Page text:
As part of its effort to aid developmentally disabled preschool children, Finger Lakes United Cerebral Palsy Inc. last week sold a $2 million tax-exempt bond issue to build a new facility in Geneva.

Proceeds from the nonrated bonds, underwritten by Fleet/Norstar Securities, will be used to construct a headquarters building that will also house treatment space, classrooms, and counseling offices.

United Cerebral Palsy provides a variety of programs to aid children with cerebral palsy, mental retardation, genetic disorders and other disabilities.

The institution current serves about 170 children, from infants to five-year-olds.

The Battery Park City Authority is sounding the privatization waters to possibly spin off some of its assets or functions.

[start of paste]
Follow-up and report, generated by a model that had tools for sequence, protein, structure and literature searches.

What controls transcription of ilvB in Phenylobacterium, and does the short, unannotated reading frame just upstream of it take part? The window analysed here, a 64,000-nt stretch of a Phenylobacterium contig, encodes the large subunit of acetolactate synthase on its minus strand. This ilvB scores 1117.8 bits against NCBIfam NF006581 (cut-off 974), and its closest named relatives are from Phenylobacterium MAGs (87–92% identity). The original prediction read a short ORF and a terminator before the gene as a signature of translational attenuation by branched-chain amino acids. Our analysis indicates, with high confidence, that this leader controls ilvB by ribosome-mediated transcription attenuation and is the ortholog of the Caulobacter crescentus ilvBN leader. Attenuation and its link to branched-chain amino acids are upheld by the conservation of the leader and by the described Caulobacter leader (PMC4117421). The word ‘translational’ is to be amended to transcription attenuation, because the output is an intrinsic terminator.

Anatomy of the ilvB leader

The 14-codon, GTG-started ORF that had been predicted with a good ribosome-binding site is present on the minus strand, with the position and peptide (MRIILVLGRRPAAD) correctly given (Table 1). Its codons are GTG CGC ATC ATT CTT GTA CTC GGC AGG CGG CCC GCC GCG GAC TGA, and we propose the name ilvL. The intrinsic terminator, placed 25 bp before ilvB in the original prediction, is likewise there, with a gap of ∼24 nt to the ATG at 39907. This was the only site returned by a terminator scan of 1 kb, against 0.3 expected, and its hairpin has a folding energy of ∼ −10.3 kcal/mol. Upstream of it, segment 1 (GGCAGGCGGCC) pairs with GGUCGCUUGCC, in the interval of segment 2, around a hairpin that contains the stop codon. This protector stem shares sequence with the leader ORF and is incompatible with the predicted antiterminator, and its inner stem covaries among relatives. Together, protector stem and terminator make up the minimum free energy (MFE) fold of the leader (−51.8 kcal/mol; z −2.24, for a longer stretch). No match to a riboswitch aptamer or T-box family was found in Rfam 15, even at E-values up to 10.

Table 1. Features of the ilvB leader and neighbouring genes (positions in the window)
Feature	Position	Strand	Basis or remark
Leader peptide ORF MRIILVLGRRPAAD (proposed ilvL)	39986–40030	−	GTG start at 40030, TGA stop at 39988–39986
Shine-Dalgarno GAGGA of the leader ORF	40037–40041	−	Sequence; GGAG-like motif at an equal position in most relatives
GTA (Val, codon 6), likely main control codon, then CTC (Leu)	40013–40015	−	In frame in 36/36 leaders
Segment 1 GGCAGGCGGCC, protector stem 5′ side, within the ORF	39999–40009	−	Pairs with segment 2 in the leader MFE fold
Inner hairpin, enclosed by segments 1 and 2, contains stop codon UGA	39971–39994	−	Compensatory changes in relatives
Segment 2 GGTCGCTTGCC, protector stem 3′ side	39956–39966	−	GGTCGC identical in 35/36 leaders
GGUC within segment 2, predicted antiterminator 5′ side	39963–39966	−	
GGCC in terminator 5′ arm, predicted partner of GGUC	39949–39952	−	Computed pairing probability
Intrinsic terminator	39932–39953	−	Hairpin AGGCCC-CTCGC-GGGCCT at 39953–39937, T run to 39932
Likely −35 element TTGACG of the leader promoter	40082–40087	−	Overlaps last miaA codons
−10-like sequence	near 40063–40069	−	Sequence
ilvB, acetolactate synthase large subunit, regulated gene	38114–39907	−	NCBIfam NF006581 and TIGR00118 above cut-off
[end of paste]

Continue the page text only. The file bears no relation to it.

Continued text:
The sale of assets could generate as much as $1 billion for New York City and the state, some state and local officials have suggested.

The staffs of the authority and the state's budge division are forming a group to study the feasibility of privatization and prepare a report over the net five to eight months.

Also in the group are the authority's real estate appraiser, Cushman Wakefield; its bond counsel, Hawkins Delafield & Wood; and its real estate counsel, Fred Altschuler of Spengler, Carlson, Gubar, Brodsky & Frishling. To coordinate all the parties, the authority tapped Merrikay Hall, a lawyer with Hughes, Hubbard & Read.

The authority sent out requests for proposals to select an investment banking firm for the group and five firms responded. Dillon Read & Co. was selected for the $250,000 financial services contract.

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